The trick to a long miter joint is flat, straight stock
(Part 2 of a multi-part series on trimming out a stairway).
The newel posts for this stairway are 4-feet-tall, 6x6-inch vertical grain boxes with mitered corners made from Douglas fir. A solid block in the bottom is for mounting the KeyLock hardware or for securing the newel posts to the treads and risers.
The only post that could not be prebuilt on this stairway is the center one, which I wrapped in place with individual pieces of the mitered fir. A few of the pieces had to be scribed around the treads and risers.
The other newel posts started as four 48-inch-long pieces of 1x8. I ran the pieces through a planer to take the cupping out, which reduced the thickness to 5/8 inch. To get rid of any crook or wain, I ran one edge over a jointer and used that edge to ride against the table saw fence as I ripped the 45-degree angle.
Next, I set the table saw fence so that I could rip the pieces to 6-1/8 inches wide to the long points. The extra 1/8 inch allowed me to run the long miters over my jointer and still finish with a 6-inch box.
The jointed miters will ensure a tight glue joint.
Biscuits align the joint and lock faces together
Once jointed, I cut biscuit slots along the edges near the heel, or short point, of the miter. For this application I placed the biscuits 6 inches apart, starting 3 inches from each end.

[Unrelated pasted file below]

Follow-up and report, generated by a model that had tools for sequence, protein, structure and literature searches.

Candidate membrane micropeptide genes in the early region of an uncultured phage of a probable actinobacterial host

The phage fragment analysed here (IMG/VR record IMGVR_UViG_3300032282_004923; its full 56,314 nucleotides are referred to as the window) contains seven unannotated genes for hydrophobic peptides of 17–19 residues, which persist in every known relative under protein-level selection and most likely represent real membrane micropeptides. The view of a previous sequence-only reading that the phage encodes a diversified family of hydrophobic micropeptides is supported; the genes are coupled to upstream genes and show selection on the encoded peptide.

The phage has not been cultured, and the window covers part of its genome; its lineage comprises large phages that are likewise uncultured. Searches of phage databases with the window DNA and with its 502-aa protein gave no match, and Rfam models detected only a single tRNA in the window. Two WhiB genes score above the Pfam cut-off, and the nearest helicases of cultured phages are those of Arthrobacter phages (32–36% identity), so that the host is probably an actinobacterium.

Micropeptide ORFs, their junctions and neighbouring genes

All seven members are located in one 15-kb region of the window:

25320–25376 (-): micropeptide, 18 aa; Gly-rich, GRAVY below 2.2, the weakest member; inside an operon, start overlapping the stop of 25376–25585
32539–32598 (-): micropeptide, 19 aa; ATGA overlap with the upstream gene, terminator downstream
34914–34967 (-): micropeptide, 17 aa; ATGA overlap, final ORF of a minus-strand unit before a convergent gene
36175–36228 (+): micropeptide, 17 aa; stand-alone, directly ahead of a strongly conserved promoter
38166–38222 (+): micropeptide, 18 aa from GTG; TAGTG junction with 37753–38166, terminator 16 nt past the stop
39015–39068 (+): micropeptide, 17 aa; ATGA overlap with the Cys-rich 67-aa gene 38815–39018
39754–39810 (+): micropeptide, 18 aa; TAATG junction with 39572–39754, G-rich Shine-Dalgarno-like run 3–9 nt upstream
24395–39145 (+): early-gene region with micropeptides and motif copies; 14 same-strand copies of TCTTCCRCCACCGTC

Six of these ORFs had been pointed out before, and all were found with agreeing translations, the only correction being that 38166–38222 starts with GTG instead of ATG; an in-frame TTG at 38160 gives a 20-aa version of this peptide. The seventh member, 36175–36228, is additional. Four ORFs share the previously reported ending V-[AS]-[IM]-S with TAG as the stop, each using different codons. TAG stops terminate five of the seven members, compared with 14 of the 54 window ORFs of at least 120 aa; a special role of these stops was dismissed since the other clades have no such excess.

Next, I laid the 4 pieces side by side and applied glue to the biscuit slots and along the full length of the miters.
A solid block at the bottom expands anchoring options
Before this I had cut a piece of 6x6 into one-foot lengths and ripped them to the inside dimension of the box newel.
These blocks were installed using polyurethane glue in the lower end of each newel. I ripped one of the corners of the block off to create a chase for low-voltage wiring for lighting.
Assemble with bar clamps, patience, and more bar clamps
After installing biscuits in all of the slots in two of the boards, I assembled the four pieces, making sure I had plenty of bar clamps on hand.
I applied just enough pressure to make the joints tight and the long points of the miters meet.
I also pre-drilled a 5/16-inch hole in the center of each block to accommodate the lag bolt from the KeyLock hardware.
No, I didn't try to make the wood grain line up at the miters. It was just luck.
Once dry, I took the clamps off, scraped off the excess glue and sanded all four sides with 150 grit sandpaper on an orbital sander.
I also eased the mitered corners with a 1/8-inch-radius router bit mounted in a laminate trimmer so that the corners would hold a finish.
I hand-sanded that with a sanding sponge.
Now that these box newels are ready for the painter, I'll swap them for the finished skirt stock and get to work installing those.
—Chris Whalen is owner of Black Mountain Company, a renovation, building, and woodworking company in Missoula, Montana. He is also a member of ProTradeCraft's technical advisory team.